By Debbie Emery – Radar Reporter
In a looks-obsessed society where even dolls are stick thin, a plus-size mannequin has caused outrage among shoppers who are “horrified” by the obese department store dummy.
The so-called “fat mannequin” has sparked an over-sized outrage on consumer blogs such as online forum, Reddit, after a user posted a photo under the heading: “Anyone else horrified that they make obese mannequins too now?”
Although the store in which the mannequin was snapped was not named, what followed was hundreds of comments and thousands of votes, ranging from mocking the model’s “sausage fingers” and “man titties,” to others supporting the refreshing change of tune in the fashion industry.
“Obese people being sold clothes?” said one typical post in favor of the mannequins, reported ABCNews.com. “That’s just treating them like people.”
“OMG, it’s about time! I’ve always hated seeing the size I have to get displayed on a much smaller model, then trying it on to see that it looks completely different on me,” wrote another supportive comment.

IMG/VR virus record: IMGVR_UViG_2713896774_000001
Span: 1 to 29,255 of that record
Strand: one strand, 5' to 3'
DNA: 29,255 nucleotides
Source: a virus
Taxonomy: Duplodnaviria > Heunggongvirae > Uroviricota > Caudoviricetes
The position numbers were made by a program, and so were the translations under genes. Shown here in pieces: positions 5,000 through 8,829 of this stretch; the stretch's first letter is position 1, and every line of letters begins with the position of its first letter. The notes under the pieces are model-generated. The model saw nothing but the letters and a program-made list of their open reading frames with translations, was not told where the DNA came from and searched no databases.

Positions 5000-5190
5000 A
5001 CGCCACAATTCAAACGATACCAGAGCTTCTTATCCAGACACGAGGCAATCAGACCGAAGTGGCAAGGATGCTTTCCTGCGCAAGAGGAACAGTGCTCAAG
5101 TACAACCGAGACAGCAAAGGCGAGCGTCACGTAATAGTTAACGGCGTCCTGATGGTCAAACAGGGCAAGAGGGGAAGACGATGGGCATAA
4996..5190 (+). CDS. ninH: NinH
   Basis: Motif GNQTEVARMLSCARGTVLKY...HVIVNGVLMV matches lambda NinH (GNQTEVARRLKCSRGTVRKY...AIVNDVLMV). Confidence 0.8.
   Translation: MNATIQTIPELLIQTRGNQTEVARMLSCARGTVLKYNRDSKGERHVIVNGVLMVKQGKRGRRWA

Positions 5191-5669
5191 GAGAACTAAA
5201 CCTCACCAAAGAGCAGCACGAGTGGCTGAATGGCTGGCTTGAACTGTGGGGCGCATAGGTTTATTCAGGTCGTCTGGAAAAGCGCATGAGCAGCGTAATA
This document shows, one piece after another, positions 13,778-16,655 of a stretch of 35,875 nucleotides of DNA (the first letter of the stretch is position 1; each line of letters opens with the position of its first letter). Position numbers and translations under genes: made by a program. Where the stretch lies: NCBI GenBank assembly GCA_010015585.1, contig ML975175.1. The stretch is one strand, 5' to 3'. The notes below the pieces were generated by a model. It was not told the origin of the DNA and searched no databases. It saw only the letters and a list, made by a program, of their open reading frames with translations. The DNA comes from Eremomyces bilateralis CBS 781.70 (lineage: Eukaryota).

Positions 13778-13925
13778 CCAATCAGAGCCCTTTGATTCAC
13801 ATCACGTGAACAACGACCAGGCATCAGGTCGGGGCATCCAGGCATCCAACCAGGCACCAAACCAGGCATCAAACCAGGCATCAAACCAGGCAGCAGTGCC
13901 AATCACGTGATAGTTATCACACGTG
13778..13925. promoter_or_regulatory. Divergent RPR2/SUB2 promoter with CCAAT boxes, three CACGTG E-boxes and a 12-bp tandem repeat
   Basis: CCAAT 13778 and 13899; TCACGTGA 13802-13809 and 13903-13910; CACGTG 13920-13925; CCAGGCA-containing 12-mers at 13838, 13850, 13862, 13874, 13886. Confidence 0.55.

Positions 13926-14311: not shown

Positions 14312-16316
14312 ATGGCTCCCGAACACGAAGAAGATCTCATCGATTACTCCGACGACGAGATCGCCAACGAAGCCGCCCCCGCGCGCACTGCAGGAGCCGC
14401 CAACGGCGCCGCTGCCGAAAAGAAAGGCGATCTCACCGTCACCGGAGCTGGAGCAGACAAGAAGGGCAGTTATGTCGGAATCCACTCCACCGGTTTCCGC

Some more vicious and weight-phobic commentators were far more critical of the curvy oddly-proportioned male model. “I just fear that obese will become the new normal as we try to be politically correct about it. Being obese is not the same as being black/gay/whatever,” one wrote.
Another attacked overweight people for “chugging donuts,” and said: “Sorry, I’m done with the fat people sympathy wagon.”
The Internet tirade is yet another chapter in the ongoing worldwide weight debate between plus-size models and scarily skinny runway queens as obesity levels continue to rise.
According to the Centers for Disease Control and Prevention, nearly 70 percent of Americans now fall into the overweight category. The average American woman is a size 14 but most mannequins are only a 4 or 6.
“There is an ingrained mentality of merchants that clothing in smaller sizes looks more appealing — it’s also why runway models are so small. They believe there is an aesthetic appeal that is violated by using larger sizes in their displays,” Ed Gribbin, president of a mannequin manufacturing company, Alvanon, told ABC.
According to Gribbin, some retailers are finally beginning to fatten up their floor models in response to consumer feedback.
“They certainly don’t want to be seen as passing judgment on anyone and plus sizes are now the majority of sales for many,” he said.